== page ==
Our job is not easy. If we want to live on a spiritual path, our job will be more challenging than the life of one who only gets even with others. We will need first to change the way we look at each situation, and give it an honest and fair interpretation. For example, when someone strikes out at us verbally, or in action, we need to respond by stopping the hurtful action, but we may also look to the need of the one striking out and attempt to address those needs. Sometimes those needs are beyond us to attend, but we can be aware that the problem may be due to frustration, poor self esteem, or anger from other issues, and the frustration from other situations was taken out on us. This does not mean that we must accept the behavior. We must not! However, it does give us, again, an opportunity to live by our own personal behavior standards.

    A friend told me the story of how a woman was rude when a man opened a door for her. He answered politely. When asked by another why, he responded that he was still a gentleman, regardless of the other’s behavior. This is a simple illustration we can keep with us daily as assaults from the frustrations of others are directed at us.

    When we live with gratitude, with the glass half-full, we see, and feel, and act differently. We can note the brilliance of color on a summer day, the hazy gentle shades of gray and brown on a winter day, the crunch of fresh snow under our boots, and the crisp clear color of the night sky. We can feel a sense of wonder and awe at the birth of a baby as the continuation of family, the warmth of friends who care about us, and extra joy for the moments without pain. We can feel gratitude for the medications that help us even as we await news of medical cures. We can pray and work for a peaceful world for our children and grandchildren even as we deal with unruliness and disruption as it explodes throughout the world.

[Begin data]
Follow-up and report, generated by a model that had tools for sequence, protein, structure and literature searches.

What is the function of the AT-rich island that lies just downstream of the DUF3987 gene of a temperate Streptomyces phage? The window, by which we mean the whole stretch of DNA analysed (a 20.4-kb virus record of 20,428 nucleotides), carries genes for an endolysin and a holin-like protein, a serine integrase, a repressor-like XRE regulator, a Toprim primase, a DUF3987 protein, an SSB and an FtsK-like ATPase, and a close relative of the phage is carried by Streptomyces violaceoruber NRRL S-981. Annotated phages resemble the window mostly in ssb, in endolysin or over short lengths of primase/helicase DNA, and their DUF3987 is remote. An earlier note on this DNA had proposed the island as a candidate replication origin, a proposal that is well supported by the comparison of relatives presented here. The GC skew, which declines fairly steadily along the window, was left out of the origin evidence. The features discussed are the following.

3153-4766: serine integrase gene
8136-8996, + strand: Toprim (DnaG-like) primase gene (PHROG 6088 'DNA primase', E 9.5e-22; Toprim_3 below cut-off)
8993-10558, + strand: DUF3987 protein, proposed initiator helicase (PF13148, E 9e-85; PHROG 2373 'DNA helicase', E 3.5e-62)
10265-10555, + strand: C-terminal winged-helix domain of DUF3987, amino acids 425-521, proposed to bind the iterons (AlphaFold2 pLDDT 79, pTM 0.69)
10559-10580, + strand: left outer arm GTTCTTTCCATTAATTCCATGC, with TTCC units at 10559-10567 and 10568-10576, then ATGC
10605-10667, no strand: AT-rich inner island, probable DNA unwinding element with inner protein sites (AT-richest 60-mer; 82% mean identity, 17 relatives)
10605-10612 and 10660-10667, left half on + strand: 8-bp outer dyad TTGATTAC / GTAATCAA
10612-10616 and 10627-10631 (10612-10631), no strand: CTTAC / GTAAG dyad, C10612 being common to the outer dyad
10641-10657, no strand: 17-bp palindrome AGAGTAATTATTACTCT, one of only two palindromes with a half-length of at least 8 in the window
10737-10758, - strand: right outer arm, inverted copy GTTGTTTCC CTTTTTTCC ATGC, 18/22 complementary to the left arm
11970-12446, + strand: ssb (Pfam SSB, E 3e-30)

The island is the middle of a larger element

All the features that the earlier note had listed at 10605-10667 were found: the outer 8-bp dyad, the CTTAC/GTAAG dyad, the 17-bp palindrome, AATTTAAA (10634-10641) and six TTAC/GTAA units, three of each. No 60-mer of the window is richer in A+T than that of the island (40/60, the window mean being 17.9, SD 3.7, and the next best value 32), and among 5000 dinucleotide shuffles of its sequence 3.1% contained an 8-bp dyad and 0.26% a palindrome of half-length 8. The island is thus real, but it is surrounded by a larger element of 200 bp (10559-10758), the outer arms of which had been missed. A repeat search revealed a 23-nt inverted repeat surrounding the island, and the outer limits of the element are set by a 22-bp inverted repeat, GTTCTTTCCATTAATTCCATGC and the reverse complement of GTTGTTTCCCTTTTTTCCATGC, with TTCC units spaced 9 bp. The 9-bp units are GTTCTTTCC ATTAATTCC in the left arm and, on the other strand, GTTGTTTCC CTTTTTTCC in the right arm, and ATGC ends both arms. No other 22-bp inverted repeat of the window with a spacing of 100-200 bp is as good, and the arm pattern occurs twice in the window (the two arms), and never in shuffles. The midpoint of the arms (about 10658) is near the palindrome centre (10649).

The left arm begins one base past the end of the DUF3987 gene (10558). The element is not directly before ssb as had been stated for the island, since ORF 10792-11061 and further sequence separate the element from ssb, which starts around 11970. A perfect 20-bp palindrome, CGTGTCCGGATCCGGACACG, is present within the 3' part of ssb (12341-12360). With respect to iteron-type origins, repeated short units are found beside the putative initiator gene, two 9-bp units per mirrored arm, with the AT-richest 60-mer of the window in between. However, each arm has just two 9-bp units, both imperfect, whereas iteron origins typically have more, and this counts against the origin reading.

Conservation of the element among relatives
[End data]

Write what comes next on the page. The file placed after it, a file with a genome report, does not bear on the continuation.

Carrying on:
We can hope. We can care. We can smile and reach out to others in pain. We can advocate for others, we can volunteer, we can sit with a sick loved one, and we can help someone have a better day.

    We can see the beautiful green of leaves, or we can be so engrossed with our own frustration and anger that the seasons go by unnoticed. We can be thankful for our time on the planet, or we can grumble that we never got enough. We can work to make life better for ourselves and others, or we can choose to numb out the pain or act out in anger years after the painful acts toward us are only a memory. Each is a choice. And it is a choice to live peacefully and in gratitude for, yet, another day of loving.

    Please join us in Prayer/Meditation on Sunday, July 7, 2002 from any place and at any time. The International Peace Meditation has been celebrated on the first Sunday of every month since January 1995.
    To learn more about the Institute,
    please see: www.humanempowerment.org
    Sue Kidd Shipe, President
    International Institute For Human Empowerment, Inc.
    P. O. Box 3920
    Albany, New York  12203   USA
    (518) 393-9491